Writing Suspense

Every Wednesday from now on, I’m going to list a few writing tips that I’ve picked up along the way. They come from my writing practice, my degree course and from reading way too many how to books.  I hope you find something here you can use.

original image via Flickr Creative Commons, courtesy of Kaptain Kobold

original image via Flickr Creative Commons, courtesy of Kaptain Kobold

Writing Suspense:

1) Characters are everything. Plot is secondary to characterisation. Make your conflict character (in suspense that’s the bad man) a polar opposite to the character you are asking the reader to identify with.

2) The bad guy needs to be not just bad but unpredictably bad. We need to be worried about what he’ll do next. He’s one nutcase that could be anywhere and do anything.

3) Even though the bad guy is unhinged, we need to see that his motives make perfect sense to him. We need to see his human side otherwise we risk writing a boring machine.

4) This might go without saying but don’t write stereotypes. Make your axe murderer afraid of birds and your heroine bad tempered or forgetful or impatient.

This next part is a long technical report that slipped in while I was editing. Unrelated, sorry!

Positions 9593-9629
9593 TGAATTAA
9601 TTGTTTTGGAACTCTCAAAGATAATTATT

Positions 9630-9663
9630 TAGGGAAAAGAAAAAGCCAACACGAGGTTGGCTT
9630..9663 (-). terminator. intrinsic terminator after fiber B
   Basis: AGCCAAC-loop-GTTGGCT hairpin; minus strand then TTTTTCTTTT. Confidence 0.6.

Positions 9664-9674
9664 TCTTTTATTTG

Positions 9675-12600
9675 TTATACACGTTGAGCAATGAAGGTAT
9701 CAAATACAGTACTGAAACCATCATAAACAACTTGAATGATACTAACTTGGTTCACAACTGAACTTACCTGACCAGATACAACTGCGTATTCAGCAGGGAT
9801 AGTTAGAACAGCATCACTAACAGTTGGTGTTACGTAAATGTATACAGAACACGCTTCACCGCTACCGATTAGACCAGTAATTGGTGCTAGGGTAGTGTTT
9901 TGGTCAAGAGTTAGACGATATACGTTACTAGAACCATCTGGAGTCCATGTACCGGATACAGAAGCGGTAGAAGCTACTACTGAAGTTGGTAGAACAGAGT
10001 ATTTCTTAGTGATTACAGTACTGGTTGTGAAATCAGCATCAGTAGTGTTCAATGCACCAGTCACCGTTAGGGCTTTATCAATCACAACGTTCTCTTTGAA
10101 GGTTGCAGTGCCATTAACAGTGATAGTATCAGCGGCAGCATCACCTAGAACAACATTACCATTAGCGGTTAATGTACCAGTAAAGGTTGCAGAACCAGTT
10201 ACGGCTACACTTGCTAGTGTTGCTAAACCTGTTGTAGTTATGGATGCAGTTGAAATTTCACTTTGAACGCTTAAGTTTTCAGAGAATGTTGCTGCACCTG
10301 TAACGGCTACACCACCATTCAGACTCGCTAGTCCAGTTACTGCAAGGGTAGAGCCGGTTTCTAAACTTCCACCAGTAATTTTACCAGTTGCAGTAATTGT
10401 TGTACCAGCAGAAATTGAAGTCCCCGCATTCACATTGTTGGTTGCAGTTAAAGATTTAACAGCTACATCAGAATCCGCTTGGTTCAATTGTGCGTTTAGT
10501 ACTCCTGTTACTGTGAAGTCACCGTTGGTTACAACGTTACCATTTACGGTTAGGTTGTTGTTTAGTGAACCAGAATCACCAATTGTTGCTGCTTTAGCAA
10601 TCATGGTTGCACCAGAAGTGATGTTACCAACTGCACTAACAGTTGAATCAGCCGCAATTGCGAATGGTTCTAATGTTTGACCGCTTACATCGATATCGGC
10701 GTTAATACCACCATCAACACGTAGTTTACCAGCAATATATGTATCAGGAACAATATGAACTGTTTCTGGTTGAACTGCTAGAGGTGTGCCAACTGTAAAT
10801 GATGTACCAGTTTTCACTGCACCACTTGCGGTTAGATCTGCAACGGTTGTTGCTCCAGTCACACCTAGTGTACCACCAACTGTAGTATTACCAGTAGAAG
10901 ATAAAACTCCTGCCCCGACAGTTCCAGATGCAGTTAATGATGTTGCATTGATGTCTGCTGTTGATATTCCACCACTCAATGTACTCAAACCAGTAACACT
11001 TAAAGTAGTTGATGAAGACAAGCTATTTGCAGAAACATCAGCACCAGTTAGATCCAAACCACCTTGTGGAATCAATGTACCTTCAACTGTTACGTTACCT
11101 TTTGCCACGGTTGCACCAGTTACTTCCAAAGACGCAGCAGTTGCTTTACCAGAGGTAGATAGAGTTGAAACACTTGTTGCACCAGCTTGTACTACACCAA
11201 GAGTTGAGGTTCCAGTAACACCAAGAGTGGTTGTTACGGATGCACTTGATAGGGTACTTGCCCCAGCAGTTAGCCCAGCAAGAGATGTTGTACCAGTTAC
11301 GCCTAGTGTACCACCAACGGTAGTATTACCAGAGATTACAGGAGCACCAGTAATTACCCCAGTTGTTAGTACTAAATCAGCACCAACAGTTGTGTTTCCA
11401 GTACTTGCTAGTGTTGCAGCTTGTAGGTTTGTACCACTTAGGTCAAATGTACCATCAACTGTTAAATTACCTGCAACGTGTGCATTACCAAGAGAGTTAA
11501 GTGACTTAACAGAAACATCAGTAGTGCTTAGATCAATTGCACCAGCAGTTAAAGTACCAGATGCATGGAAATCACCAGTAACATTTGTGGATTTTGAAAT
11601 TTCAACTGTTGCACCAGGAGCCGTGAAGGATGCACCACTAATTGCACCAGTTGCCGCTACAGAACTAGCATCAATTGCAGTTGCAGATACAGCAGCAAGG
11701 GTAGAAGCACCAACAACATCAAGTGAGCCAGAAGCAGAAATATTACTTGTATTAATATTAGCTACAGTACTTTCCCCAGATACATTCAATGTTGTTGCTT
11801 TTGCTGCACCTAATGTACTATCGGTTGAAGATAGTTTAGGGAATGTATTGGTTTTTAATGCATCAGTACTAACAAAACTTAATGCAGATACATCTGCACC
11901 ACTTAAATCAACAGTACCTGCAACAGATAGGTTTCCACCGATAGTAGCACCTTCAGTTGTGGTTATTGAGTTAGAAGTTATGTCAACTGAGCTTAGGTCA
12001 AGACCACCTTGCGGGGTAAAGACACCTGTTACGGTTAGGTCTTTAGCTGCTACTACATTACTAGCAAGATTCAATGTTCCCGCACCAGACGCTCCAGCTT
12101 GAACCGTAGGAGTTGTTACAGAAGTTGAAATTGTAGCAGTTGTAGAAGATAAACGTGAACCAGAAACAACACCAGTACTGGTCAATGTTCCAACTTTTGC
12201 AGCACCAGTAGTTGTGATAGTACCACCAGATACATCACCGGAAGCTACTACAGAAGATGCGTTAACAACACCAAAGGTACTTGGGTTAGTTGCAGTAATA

5) The more you make your heroine fret about what might happen, the more suspense you are creating. When the climax arrives, the reader has spent the whole book dreading the moment.

 

More next week.

original image via Flickr Creative Commons, courtesy of Olemartin

original image via Flickr Creative Commons, courtesy of Olemartin

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2 thoughts on “Writing Suspense

  1. This is the struggle with fiction, no? Writing a believable, likable heroine that readers can invest themselves in.

    • Thanks for your comment Tina. Personally, I like my heroines to be flawed. If they’re too perfect or too sweet, I feel like giving them a good slap. I think we can give our characters decent flaws (nasty temper or whatever) as long as they are deserving. Who doesn’t root for the foul-mouthed heroine who’s doing her darnedest to survive.

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